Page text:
Nix Style Configs in Haskell

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One of the unique things about Nix is its extensible configuration system. Extensible configs allow you to override their fields in a way that will update all the other fields that depend on what you override. In Nix, this is particularly useful for package management. It allows you to override a package (for example; change its version), and all the packages that depend on that package will subsequently use your overridden version.

We can represent this in Haskell, since it’s a lazy language. This is based on chains of functions that each take the previous one’s output as an argument, typically called super. By overriding a field in super, you get to change that field for every function that comes after you.

data MyConfig = MyConfig
  { _a :: Int
  , _b :: Int

makeLenses ''MyConfig

initial :: MyConfig
initial = MyConfig { _a = 1, _b = 2 }

overrideB :: MyConfig -> MyConfig
overrideB = b .~ 3

overrideA :: MyConfig -> MyConfig
overrideA super = super & a .~ (super ^. b)

final :: MyConfig
final = (overrideA . overrideB) initial -- final = MyConfig { _a = 3, _b = 3 }

This forms a pretty convenient monoid called Endo. This monoid is just the monoid of endomorphism composition. That is, it just composes functions with the same argument and return types.

import Data.Monoid (Monoid (..), (<>))

newtype Endo a = Endo { appEndo :: a -> a }

instance Monoid (Endo a) where
  mempty = Endo id
  Endo f `mappend` Endo g = Endo (f . g)


overrideB :: Endo MyConfig
overrideB = Endo (b .~ 3)

overrideA :: Endo MyConfig
overrideA = Endo $ \super -> super & a .~ (super ^. b)

final :: MyConfig
final = appEndo (overrideA <> overrideB) initial

So an extensible config is an Endo monoid that you can compose with mappend or (<>). But this only causes updates to the following overrides. Previous overrides will still see old records, which makes the config incoherent. You need to give the final version of the record (typically called self) to all overrides so they can use coherent records whenever possible. In a lazy language, this is easy; you can recursively give the final thunk to all overrides without having to evaluate those overrides first. An easy way to do this is to extend Endo to monadic endomorphisms, and use the Reader monad.

import Control.Monad ((<=<))
import Control.Monad.Reader
import Data.Functor.Identity
import Data.Function (fix)

newtype EndoM m a = EndoM { appEndoM :: a -> m a }

instance Monad m => Monoid (EndoM m a) where
  mempty = EndoM return
  EndoM f `mappend` EndoM g = EndoM (f <=< g)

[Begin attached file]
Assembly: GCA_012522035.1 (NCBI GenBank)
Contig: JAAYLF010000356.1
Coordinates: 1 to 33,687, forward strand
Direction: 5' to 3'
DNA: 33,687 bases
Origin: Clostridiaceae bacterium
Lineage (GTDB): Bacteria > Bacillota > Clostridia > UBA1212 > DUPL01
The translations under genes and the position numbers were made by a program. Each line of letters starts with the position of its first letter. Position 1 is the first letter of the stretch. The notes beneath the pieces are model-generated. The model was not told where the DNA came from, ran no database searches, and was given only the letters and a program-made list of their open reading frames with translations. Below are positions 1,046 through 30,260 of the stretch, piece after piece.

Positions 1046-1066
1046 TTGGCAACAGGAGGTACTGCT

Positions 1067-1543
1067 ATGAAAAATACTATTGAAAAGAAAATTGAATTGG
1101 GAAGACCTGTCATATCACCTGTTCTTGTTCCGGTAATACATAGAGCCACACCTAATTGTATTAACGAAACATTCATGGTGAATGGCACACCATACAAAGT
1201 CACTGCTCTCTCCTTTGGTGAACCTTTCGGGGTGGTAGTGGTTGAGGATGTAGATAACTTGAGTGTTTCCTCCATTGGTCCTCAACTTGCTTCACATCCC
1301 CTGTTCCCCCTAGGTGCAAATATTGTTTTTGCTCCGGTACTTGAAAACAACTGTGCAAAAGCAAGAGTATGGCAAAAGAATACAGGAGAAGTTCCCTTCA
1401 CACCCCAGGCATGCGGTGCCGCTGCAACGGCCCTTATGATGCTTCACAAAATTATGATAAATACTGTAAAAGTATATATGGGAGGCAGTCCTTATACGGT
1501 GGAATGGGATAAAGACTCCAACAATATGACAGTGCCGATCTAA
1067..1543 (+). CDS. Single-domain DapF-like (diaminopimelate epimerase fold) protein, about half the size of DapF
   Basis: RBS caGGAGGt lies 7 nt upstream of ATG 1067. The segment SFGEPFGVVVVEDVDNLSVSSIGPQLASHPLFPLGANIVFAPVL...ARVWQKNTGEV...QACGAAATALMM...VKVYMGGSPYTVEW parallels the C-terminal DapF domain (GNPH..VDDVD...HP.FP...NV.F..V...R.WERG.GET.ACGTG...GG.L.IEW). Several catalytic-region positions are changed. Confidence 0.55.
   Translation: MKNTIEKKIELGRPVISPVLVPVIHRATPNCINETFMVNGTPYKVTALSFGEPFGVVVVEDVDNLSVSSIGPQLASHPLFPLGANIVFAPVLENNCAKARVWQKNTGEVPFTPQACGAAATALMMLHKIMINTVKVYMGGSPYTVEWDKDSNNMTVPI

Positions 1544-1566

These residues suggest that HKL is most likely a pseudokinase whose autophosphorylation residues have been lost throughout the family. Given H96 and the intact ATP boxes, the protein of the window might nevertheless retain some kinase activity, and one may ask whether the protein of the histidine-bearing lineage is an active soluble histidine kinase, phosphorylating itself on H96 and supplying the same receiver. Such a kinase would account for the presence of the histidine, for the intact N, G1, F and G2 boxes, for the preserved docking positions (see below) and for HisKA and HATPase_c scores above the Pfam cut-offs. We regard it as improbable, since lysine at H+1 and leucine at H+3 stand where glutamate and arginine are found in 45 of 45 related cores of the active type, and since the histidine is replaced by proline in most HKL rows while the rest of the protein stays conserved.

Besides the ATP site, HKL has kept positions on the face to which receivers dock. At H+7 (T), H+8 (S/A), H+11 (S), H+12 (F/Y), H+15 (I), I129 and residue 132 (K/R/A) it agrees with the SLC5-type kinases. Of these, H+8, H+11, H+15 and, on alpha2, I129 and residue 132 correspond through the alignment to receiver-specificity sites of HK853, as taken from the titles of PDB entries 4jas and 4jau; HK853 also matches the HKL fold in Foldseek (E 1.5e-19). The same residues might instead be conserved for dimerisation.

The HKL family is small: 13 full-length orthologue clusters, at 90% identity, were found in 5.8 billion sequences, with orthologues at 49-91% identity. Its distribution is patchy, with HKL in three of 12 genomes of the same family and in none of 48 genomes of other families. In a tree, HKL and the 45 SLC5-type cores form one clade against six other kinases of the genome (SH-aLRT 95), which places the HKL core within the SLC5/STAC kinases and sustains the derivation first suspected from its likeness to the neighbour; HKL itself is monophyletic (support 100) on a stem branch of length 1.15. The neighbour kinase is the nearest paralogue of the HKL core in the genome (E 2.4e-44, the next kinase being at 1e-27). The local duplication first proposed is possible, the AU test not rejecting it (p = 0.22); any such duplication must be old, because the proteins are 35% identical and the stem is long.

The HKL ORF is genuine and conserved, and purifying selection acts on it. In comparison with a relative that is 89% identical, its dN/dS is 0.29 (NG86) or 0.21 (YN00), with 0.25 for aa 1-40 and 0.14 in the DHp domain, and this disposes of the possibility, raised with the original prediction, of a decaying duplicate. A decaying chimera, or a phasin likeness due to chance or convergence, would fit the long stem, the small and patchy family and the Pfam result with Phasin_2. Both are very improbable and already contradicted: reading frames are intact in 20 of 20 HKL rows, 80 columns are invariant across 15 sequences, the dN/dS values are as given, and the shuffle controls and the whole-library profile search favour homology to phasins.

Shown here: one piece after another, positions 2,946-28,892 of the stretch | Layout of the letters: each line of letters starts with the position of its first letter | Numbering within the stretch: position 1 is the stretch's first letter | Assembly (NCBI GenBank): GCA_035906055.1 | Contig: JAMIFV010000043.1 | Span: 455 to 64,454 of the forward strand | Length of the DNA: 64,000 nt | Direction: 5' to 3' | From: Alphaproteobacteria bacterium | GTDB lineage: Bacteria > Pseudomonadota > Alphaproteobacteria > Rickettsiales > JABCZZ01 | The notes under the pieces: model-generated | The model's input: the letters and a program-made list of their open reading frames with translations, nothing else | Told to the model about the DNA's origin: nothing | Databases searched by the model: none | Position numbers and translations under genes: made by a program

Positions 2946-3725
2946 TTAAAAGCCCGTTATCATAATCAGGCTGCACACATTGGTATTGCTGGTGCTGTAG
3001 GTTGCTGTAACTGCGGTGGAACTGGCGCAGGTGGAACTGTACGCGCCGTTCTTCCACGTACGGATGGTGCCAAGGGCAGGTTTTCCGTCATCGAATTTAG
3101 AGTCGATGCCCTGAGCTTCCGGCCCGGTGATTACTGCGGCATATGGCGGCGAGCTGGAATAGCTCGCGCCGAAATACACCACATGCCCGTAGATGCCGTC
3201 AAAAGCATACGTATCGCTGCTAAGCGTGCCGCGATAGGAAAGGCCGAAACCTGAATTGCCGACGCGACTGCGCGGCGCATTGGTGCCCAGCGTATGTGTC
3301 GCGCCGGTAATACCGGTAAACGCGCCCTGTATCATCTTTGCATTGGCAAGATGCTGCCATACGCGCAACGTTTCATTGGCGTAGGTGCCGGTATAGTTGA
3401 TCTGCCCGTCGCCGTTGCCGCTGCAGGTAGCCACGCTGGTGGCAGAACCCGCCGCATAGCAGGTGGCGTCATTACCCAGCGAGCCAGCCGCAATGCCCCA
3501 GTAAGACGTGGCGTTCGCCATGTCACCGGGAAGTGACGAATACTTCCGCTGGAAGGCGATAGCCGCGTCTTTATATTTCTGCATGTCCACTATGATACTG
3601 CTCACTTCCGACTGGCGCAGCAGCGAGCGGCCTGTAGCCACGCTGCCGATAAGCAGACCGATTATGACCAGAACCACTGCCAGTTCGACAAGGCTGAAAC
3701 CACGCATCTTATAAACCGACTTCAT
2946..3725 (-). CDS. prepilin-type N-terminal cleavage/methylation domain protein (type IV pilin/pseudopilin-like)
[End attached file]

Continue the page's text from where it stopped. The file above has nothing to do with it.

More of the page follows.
type Endo = EndoM Identity

type Configurable a = EndoM (Reader a) a

configure :: Configurable a -> a
configure (EndoM f) = fix (\self -> runReaderT (f self) self)

-- | Lens convenience
overriding :: Setter' (EndoM m s) s
overriding = sets $ \f (EndoM g) -> EndoM (g . f)


-- This one serves as a bootstrap, allowing the constructor to
-- evaluate to WHNF. Whenever you don't have initial values for
-- fields, you can set the bootstrap to `EndoM $ \(~MyConfig {..}) ->
-- MyConfig {..}`, using lazy matching and `RecordWildCards` to
-- boostrap the thunk with nonterminating fields.
initial :: Configurable MyConfig
initial = EndoM $ \_ -> return MyConfig { _a = 1 , _b = 2 }

overrideA :: Configurable MyConfig
overrideA = EndoM $ \super -> do
  self <- ask
  return $ super & a .~ (self ^. b)

overrideB :: Configurable MyConfig
overrideB = mempty & overriding . b .~ 3

final :: MyConfig
final = configure (overrideB <> overrideA <> initial) -- MyConfig { _a = 3, _b = 3 }

Now, even though overrideA comes earlier than overrideB in the chain (remember, function composition, and therefore EndoM’s monoid instance, reads right to left), a still gets set to the value that’s defined for b later in the chain.

There’s also no reason that self and super have to have the same type. You can convert super into self at the end of the chain to get whatever finalization you need (even at the type level).

import Control.MonadFix (mfix)

type Configurable self super = EndoM (Reader self) super

configure :: (super -> self) -> Configurable self super -> self
configure f (EndoM g) = fix (f . runReader (mfix g))

And finally, this can of course work for any MonadFix, meaning your configuration steps can be monadic.

configureM :: MonadFix m => (super -> m self) -> EndoM (ReaderT self m) super -> m self
configureM f (EndoM g) = mfix (runReaderT (lift . f =<< mfix g))